Zimbabwean government doctors are bracing to go on a crippling industrial strike on Wednesday, saying their employer is failing to meet their concerns.
The doctors accuse the health and child care ministry of having a “lipstick approach” to their issues, saying the health sector was “pregnant with a multitude of problems emanating from gross negligence and lack of will to implement logical decisions”.
The doctors association, the Zimbabwe Hospital Doctors Association (ZHDA), said it was puzzling that government was not even employing “well-trained post-internship doctors despite the huge investment in educating these cadres for 20 years”.
“Our doctors, including well-trained consultants, still travel to work on public transport despite the earlier promise to unveil a motor vehicle duty-free facility to the sector. Our doctors, who are furthering their studies, have been left to the gallows of the capital hungry university and are basically donating their tiny salaries to fees,” ZHDA said in a statement.
“These are only but a few of the frustrating examples of how health workers have been neglected, while on the other hand, the responsible authorities swim in bread and butter as their [children] are flying to school.
“The late President (Nelson) Mandela once highlighted that freedom can never be granted by the oppressor, but have to be fought for by the oppressed.”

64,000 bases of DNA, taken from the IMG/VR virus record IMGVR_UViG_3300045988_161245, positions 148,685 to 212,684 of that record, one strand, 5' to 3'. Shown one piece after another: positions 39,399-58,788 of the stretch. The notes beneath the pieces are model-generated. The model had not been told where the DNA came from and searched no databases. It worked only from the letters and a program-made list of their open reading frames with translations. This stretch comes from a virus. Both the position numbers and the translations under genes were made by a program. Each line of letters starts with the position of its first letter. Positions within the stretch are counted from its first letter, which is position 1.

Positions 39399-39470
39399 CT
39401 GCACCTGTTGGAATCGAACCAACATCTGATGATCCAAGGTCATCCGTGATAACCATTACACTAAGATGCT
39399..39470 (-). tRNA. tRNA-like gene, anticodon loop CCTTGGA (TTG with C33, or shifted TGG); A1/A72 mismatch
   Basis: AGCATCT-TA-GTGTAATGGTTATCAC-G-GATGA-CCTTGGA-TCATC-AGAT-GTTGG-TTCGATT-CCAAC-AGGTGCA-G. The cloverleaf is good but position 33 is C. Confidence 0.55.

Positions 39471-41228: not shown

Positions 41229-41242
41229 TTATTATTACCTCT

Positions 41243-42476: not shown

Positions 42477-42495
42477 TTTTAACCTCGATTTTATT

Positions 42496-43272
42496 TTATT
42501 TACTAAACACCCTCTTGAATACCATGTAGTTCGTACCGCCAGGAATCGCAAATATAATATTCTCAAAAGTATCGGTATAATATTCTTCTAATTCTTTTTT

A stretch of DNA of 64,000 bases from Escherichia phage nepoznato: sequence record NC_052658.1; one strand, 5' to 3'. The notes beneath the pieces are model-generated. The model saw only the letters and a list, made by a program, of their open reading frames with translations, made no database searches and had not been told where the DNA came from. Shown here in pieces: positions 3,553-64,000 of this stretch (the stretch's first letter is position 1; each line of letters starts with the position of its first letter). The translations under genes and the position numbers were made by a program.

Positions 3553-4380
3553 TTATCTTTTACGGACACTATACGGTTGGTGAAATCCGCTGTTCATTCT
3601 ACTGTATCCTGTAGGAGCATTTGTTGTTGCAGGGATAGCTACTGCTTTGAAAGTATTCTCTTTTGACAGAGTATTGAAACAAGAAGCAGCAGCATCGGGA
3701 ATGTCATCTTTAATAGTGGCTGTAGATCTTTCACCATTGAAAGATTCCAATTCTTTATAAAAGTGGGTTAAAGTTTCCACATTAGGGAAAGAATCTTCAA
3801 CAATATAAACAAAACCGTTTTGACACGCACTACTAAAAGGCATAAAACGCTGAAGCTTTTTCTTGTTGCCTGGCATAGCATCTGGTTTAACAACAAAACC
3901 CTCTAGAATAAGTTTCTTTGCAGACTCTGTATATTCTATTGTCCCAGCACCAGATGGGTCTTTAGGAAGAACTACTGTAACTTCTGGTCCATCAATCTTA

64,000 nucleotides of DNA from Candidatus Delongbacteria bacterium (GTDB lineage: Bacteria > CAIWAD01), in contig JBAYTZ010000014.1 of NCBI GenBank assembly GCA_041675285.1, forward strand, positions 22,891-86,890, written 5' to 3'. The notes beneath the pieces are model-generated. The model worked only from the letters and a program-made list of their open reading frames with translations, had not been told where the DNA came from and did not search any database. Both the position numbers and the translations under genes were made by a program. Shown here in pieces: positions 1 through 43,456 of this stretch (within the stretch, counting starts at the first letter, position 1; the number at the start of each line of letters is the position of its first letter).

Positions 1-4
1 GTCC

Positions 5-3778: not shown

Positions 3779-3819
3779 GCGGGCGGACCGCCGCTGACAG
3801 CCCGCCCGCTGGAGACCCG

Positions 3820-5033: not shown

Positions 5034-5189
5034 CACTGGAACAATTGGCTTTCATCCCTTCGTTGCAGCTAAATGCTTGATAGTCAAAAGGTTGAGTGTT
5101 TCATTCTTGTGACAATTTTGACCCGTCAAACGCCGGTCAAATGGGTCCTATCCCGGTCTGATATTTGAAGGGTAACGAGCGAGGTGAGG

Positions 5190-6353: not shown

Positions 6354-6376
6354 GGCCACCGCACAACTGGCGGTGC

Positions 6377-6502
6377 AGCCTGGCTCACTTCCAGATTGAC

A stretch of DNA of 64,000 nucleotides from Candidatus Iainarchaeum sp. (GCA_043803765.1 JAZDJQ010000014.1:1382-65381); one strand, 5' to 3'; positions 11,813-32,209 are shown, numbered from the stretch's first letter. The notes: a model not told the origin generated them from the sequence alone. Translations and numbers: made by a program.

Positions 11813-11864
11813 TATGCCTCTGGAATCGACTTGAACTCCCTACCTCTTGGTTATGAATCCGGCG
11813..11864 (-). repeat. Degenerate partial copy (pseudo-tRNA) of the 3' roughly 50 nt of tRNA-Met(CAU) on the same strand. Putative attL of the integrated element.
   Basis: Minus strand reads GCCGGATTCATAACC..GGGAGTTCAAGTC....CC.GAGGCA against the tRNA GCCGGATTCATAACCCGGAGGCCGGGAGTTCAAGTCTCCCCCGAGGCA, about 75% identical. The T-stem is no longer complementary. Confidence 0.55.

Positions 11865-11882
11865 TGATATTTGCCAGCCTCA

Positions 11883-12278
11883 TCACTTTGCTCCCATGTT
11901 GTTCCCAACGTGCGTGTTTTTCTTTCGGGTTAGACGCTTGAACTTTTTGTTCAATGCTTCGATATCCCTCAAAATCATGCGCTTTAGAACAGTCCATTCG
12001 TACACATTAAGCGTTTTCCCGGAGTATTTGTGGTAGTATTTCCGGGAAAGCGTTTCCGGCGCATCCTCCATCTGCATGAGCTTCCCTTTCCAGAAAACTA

The doctors said they had made recommendations to the health ministry and the Health Services Board (HSB), describing the challenges they are facing as an “ensuing cancerous destruction of our noble profession”.
“. . . the association wishes to announce that with effect from Wednesday February 15, there shall be a fully-fledged, nation-wide industrial action. All doctors, from the consultant level to our new JRMOs [junior resident medical officers], are advised to take heed of this call,” the doctors association said.
The doctors are demanding that all students who would have finished internship “must never have their contract of employment terminated”, suggesting they would rather be given open practising certificates upon completion of the internship.
They also want on-call allowances to be reviewed upwards to a minimum of US$720 for the lowest paid doctor from the current US$288.
Asked if they would proceed with the strike, ZHDA president Edgar Munatsi responded: “Yes.”
On several occasions last year, the doctors threatened to go on strike over poor salaries, poor working conditions, depleted and demoralised workforce as well as contracts renewal, among other challenges.
HSB executive chairperson Lovemore Mbengeranwa said they were discussing the issue at a board level, adding recommendations had been made.
“The health minister (David Parirenyatwa) will make an announcement soon,” he said.
Parirenyatwa could not be reached for comment.
In the past, he has expressed willingness to meet the doctors and chart a way forward.
Presenting the 2017 US$4 billion national budget last December, finance and economic development minister Patrick Chinamasa allocated US$282 million, down from the previous year of US$331m.
The Abuja Declaration states that governments should allocate a 15 percent vote to the health system, and Zimbabwe is a signatory to the declaration.
– African News Agency